December 25, 2008


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Yes Man (PG-13)
Jim Carrey offers up a “remember why you like me” comic performance in the slight but completely OK Yes Man.

Carl (Carrey) has been kind of a sad-sack shut-in ever since his marriage broke up. Despite efforts by his best friend Peter (Bradley Cooper) to draw him back into the world, Carl prefers to spend his nights at home, kept company by his DVD player. There can be another way, says former coworker Nick (John Michael Higgins). He hands Carl a brochure and invites him to a seminar all about becoming a “yes man.” Apparently, the secret of this The Secret-like life philosophy is to say “yes” to whatever life puts in front of you. Carl is reluctant, but strangely persuasive guru Terrence (Terrence Stamp) is able to bully him in to making a “yes” covenant. Thusly, when a homeless man asks Carl for a few bucks and a ride to a secluded park, he says yes. And when that trip leaves him stranded without gas and the quirky Allison (Zooey Deschanel) offers him a ride on his scooter he says “yes.” And when a grateful neighbor takes out her dentures in preparation for giving Carl a “reward” for hanging up her shelves, he reluctantly says “yes.”

Yes has its downsides.

I’ve had several people tell me that they saw the trailer for this movie and thought it was basically Liar Liar with a slightly tweaked premise. Well, armchair movie prognosticators, you’re correct. Carrey’s character has to learn a life lesson by doing the opposite of his nature, which also results in comic consequences, some of which involve slapstick and ick-humor. So why make this movie if he’s already made it? Because between Liar Liar and now, yes, there has been Bruce Almighty and Eternal Sunshine of the Spotless Mind but there has also been Fun with Dick and Jane and The Majestic. I guess a man’s gotta eat.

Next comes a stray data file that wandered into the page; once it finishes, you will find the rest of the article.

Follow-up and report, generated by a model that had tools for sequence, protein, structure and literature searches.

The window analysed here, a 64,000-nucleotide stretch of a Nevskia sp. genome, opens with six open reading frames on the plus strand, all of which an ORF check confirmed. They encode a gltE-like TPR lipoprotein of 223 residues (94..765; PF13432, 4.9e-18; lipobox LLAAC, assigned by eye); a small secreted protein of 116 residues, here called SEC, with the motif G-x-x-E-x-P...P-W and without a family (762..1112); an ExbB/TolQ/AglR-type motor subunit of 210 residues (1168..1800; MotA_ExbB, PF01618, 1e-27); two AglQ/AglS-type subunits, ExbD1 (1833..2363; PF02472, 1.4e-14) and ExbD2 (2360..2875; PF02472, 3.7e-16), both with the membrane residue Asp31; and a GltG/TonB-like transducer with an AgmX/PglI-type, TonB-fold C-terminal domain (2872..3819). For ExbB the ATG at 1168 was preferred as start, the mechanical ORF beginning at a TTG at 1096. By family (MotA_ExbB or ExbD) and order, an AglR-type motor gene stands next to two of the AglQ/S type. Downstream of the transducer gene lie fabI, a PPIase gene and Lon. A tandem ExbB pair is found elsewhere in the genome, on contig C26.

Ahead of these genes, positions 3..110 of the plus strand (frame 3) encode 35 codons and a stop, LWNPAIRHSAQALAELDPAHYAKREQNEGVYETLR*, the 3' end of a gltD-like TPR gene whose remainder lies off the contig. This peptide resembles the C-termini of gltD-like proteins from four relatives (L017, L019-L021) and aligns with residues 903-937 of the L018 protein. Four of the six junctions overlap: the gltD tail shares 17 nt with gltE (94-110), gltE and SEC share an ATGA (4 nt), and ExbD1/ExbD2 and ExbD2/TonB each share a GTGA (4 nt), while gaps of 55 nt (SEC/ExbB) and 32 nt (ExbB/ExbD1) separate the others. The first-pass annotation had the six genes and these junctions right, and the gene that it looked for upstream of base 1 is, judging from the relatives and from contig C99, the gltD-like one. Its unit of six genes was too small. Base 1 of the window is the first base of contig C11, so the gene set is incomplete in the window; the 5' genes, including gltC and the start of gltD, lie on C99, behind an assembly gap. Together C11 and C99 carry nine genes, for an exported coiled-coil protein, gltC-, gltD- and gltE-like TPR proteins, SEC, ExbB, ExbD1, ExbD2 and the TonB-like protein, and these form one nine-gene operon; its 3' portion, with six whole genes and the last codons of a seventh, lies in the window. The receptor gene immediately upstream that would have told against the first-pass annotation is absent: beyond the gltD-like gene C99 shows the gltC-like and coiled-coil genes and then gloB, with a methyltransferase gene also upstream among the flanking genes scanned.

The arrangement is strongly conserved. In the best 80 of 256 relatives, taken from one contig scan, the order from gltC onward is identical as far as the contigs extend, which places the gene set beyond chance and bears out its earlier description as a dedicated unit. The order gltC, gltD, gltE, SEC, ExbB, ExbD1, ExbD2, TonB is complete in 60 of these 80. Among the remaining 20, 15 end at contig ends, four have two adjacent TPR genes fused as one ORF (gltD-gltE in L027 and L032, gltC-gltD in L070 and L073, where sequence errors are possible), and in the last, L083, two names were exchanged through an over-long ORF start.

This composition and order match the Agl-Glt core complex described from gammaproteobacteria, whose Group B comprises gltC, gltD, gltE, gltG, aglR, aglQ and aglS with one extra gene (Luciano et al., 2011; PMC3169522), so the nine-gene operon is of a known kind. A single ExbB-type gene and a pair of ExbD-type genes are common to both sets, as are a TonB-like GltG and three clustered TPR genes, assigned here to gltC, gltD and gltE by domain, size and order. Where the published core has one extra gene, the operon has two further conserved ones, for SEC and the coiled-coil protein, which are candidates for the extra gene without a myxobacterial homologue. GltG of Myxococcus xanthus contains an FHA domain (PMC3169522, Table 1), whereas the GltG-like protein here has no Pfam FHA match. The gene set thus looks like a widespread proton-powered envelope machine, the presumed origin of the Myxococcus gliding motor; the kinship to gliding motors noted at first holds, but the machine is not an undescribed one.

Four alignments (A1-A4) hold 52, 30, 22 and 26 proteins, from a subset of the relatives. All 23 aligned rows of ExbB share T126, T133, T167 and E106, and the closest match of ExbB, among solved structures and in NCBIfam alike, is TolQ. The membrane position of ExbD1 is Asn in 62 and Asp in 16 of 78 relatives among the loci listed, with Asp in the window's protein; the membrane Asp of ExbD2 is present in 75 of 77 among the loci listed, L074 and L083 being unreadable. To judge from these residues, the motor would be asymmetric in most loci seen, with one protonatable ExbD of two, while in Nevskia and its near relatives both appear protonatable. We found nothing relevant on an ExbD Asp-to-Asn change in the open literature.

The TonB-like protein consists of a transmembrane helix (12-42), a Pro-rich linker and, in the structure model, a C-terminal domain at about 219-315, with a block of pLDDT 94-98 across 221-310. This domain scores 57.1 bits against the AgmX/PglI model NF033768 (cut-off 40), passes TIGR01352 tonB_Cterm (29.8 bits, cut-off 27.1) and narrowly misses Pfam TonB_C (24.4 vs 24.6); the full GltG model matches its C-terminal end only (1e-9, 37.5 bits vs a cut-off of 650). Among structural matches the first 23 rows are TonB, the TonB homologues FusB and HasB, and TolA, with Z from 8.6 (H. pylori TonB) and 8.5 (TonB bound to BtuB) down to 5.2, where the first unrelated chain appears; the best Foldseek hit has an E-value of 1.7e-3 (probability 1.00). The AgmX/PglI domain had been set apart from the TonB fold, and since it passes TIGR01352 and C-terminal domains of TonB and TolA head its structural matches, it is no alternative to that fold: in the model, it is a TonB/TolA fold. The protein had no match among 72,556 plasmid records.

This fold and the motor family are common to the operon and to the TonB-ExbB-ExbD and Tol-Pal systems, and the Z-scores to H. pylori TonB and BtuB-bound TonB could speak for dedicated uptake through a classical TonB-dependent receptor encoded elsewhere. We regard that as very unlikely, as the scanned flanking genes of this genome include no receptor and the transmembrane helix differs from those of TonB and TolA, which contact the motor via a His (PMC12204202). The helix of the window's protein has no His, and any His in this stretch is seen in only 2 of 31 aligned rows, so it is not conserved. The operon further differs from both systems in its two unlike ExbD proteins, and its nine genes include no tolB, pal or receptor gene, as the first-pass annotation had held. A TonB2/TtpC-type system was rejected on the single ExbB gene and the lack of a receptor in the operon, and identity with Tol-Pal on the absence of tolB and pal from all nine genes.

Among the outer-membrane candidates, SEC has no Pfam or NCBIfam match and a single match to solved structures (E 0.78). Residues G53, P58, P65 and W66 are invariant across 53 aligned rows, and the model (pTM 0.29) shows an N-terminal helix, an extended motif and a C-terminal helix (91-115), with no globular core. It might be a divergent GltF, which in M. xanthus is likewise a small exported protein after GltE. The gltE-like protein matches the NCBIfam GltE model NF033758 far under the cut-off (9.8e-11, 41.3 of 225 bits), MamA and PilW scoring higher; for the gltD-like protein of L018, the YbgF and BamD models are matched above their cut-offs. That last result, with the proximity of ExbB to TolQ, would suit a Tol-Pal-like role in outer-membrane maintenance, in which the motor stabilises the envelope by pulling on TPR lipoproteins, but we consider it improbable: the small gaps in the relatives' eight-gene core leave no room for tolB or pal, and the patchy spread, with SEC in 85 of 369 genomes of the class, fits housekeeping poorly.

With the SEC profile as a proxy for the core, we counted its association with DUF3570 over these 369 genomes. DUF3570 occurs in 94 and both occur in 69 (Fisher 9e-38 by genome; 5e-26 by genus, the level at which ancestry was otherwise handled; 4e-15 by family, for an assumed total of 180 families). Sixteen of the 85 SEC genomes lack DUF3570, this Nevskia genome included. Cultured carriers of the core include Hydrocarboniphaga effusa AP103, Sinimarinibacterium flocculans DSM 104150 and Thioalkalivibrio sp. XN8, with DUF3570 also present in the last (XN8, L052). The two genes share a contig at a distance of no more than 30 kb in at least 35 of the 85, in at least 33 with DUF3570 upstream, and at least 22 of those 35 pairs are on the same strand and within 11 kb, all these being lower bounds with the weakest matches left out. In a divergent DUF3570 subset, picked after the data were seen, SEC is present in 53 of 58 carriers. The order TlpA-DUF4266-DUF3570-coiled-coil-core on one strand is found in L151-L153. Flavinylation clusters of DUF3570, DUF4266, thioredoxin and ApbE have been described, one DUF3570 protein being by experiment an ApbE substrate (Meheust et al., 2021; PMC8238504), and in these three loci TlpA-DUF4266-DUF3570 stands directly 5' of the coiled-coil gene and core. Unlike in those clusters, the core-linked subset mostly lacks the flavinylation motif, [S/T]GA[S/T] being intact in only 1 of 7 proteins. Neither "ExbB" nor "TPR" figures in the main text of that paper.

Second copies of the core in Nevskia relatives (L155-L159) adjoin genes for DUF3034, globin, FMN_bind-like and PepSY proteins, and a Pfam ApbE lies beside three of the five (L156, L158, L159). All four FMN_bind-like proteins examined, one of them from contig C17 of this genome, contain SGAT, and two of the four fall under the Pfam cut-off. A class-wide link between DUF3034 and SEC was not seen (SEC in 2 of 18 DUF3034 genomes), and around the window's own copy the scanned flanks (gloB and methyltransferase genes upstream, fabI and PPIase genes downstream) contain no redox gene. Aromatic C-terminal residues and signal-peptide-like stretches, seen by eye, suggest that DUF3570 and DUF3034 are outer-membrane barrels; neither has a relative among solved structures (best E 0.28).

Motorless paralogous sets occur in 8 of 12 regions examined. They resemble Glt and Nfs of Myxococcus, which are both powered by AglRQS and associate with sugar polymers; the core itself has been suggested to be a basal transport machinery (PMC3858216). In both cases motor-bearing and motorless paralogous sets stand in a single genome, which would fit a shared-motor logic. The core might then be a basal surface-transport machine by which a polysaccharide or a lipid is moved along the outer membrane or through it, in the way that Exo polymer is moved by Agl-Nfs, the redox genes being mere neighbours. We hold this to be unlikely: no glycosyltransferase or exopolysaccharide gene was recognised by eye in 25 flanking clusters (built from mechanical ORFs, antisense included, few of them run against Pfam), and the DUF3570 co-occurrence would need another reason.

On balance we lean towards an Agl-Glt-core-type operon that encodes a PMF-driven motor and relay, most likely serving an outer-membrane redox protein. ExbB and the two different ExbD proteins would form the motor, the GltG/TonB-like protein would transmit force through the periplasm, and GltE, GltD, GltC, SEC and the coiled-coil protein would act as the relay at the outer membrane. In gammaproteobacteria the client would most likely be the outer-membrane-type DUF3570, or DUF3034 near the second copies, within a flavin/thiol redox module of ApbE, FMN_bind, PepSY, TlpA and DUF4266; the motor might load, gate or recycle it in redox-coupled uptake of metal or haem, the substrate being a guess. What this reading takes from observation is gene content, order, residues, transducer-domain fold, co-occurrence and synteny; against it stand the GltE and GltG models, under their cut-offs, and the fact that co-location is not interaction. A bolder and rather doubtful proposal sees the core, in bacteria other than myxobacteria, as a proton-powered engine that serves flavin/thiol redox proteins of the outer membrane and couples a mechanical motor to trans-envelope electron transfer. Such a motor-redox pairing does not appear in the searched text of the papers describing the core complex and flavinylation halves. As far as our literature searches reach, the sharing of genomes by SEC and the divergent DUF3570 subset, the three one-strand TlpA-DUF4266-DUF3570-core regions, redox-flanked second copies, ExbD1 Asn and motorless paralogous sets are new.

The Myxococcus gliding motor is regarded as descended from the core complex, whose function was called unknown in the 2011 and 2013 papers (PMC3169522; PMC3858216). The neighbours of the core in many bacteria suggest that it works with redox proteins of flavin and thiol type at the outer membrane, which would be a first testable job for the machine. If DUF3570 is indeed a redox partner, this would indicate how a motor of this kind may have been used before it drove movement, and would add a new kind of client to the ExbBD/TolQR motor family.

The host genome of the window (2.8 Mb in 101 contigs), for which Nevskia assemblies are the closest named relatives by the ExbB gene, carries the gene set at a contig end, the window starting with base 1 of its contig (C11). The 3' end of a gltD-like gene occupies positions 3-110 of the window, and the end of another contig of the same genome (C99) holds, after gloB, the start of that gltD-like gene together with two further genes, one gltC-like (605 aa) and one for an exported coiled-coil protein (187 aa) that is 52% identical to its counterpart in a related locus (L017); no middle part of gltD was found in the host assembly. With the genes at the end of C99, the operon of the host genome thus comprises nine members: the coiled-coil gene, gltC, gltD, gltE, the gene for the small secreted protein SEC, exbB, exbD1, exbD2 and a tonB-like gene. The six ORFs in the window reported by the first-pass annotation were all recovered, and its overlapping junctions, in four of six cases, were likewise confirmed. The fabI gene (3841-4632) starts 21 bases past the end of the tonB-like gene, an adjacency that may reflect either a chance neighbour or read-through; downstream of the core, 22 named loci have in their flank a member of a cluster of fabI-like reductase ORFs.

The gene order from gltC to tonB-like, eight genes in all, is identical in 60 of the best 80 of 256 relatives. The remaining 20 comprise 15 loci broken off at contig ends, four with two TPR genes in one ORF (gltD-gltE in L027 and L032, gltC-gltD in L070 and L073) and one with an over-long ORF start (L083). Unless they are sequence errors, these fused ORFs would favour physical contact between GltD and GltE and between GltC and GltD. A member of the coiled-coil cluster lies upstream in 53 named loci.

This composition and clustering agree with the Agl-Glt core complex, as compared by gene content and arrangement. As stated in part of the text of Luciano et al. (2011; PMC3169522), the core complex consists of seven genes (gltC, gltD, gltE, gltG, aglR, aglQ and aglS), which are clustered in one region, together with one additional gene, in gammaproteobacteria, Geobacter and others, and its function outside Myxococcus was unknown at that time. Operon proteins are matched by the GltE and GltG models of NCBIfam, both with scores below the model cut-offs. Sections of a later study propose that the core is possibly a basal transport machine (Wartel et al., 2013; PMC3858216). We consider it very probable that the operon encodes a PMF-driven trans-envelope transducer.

For a retread, though, Yes Man isn’t horrible. It isn’t even mediocre. It’s OK, fine, slightly above average. It’s a movie that you can see when the movie you really want to see is sold out without feeling like you’ve just been swindled. Zooey Deschanel is delightful as always and, except for a few instances of rubber face that feel just a bit too creaky, Carrey is workmanlike.

Yes Man isn’t a reinvention of Carrey’s comic persona but it is a very serviceable reminder of why people liked him in the first place. C+

Rated PG-13 for crude sexual humor, language and brief nudity. Directed by Peyton Reed and written by Nicholas Stoller, Jarrad Paul and Andrew Mogel (from a book by Danny Wallace), Yes Man is an hour and 44 minutes long and is distributed in wide release by Warner Bros.